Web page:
It gets stranger. Objects too heavy for you to lift in the real house can be easily picked up and moved inside the small house model on the coffee table and as you do, that object will move in the normal size house as well.

Thats not all, if you were to open the front door of the normal sized house and walk outside, youd find yourself standing on an impossibly huge coffee table, in an impossibly huge living room, of an impossibly huge house (and that impossibly huge front door would be open too). Maquette takes that idea beyond just a single house and into a series of fantastical locations.

Maquettes puzzles come from the magical rules of the world that are different from our own, and how to use those special rules in not-so-obvious-at-first ways. So when the obvious solution to a puzzle wont work, think about the recursive world and what makes it different from our own, and how those differences could enable you to reach your goal in a way that wouldnt be possible in real life.

We built out the recursive simulation then explored its uniqueness to come up with situations exclusive to our world to build puzzles with. As the player unlocks the secrets of the world, we come up with new situations building off of what the player learned, but adding twists and folds.

Maquette has a lot to offer emotionally, from both the puzzles and the story. First and foremost, the sense of wonder and awe from exploring an otherwise physically-impossible world. The puzzles and recursive reality deliver plenty of ah-ha and mind-blown moments, while the narrative asks you to take a journey of love, loss, and acceptance. Together, its a message of understanding in the physical world, in the mind, and in the heart.

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The recursive world simulation & puzzle-making process in Maquette - PlayStation.Blog

Creaks, a trippy 2D puzzle game, arrives on PS4, Xbox One, Switch and PC in July – Daily Star

We were fortunate enough to play Creaks at an Xbox Indies preview event last year and since then, we fell in love with it.

The game, developed by Amanita Design (the studio behind Machinarium, Botanicula and the Samorost games) is an exercise in creepy uneasiness.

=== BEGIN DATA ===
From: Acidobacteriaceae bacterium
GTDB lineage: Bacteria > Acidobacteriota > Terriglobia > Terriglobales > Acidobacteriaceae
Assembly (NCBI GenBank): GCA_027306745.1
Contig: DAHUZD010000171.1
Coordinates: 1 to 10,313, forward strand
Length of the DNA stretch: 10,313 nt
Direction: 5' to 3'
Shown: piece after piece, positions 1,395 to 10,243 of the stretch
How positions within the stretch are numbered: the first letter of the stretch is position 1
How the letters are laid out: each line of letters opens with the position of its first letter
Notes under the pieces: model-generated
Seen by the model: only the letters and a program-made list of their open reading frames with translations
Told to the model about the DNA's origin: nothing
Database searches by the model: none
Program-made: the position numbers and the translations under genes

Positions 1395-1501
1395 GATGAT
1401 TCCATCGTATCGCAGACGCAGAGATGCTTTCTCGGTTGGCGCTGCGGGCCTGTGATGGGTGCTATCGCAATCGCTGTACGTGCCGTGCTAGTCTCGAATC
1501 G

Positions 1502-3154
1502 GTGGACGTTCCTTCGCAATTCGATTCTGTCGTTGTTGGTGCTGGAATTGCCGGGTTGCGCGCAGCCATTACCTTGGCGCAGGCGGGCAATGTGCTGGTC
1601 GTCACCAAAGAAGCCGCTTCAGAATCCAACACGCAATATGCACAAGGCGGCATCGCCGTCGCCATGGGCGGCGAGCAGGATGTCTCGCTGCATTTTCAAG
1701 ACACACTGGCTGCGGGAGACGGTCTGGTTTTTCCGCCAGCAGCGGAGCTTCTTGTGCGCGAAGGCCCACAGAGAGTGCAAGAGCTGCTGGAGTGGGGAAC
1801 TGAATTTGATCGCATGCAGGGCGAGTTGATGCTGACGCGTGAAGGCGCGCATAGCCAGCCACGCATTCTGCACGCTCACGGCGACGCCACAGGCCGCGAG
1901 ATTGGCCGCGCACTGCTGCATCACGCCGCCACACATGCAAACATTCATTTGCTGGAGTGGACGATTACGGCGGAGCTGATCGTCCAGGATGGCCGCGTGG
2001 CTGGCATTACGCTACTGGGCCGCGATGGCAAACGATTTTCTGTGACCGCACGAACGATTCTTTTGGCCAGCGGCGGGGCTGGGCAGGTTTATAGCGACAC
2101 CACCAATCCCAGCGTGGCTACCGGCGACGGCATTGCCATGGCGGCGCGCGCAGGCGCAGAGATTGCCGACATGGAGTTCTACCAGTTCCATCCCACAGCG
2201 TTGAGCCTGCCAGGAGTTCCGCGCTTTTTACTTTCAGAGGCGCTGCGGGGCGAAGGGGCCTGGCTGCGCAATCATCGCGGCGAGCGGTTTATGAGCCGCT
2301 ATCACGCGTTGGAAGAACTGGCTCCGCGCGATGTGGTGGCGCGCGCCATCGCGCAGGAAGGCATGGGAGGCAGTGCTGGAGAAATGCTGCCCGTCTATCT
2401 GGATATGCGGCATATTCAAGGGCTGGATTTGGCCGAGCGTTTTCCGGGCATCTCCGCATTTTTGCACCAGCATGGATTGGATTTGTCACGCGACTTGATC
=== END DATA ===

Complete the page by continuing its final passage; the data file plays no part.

At its most simple, Creaks is a game about turning creatures into ordinary objects and using these objects to solve fiendish 2D puzzles. The folks at Amanita are experts in obtuse, brain-teasing puzzles, and Creaks looks set to continue that in-game trend in style.

Solving mechanical puzzles as you explore a house that seems to be alive and judging you is the core goal, but there's so much more to this fascinating game beneath that simple conceit.

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"Human imagination is a wonderfully ambiguous thing," explains Radim Jurda, lead designer and artist at Amanita Design.

"Very often, when were looking at an object, our vision fools us into thinking that its something different. Something scarier, maybe. Sometimes we look up into the sky and see faces among the clouds, and we can barely understand how it is possible for the person standing next to us not to see the same thing."

"Science knows a beautiful word for this phenomenon of seeing things pareidolia. That is one of the building blocks of our game. Just a few minutes into Creaks, you will bump into some strange barking creatures in the mansions dark corridors.

"But are they as dangerous as they seem? Try to get them trapped under a beam of light and take a closer look. You may find out that what felt dangerous is a simple night table.

"Turning these creatures into ordinary objects is the key gameplay mechanic, along with pulling levers, stepping on pressure plates, and manipulating the environment to outsmart your enemies."

Think House of Leaves meets Neil Gaiman and you have a pretty good feeling of what this fascinating project feels like, spiritually.

We've only played the opening few hours of this experience, and that's enough to have kept us waiting eagerly for a release date for over 12 months.

Now, finally, we have one (or a release window, at least): July.

Creaks is coming to PS4, Xbox One, PC, Mac and Switch later this month and we'll be sure to update you the second we have more information.

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Creaks, a trippy 2D puzzle game, arrives on PS4, Xbox One, Switch and PC in July - Daily Star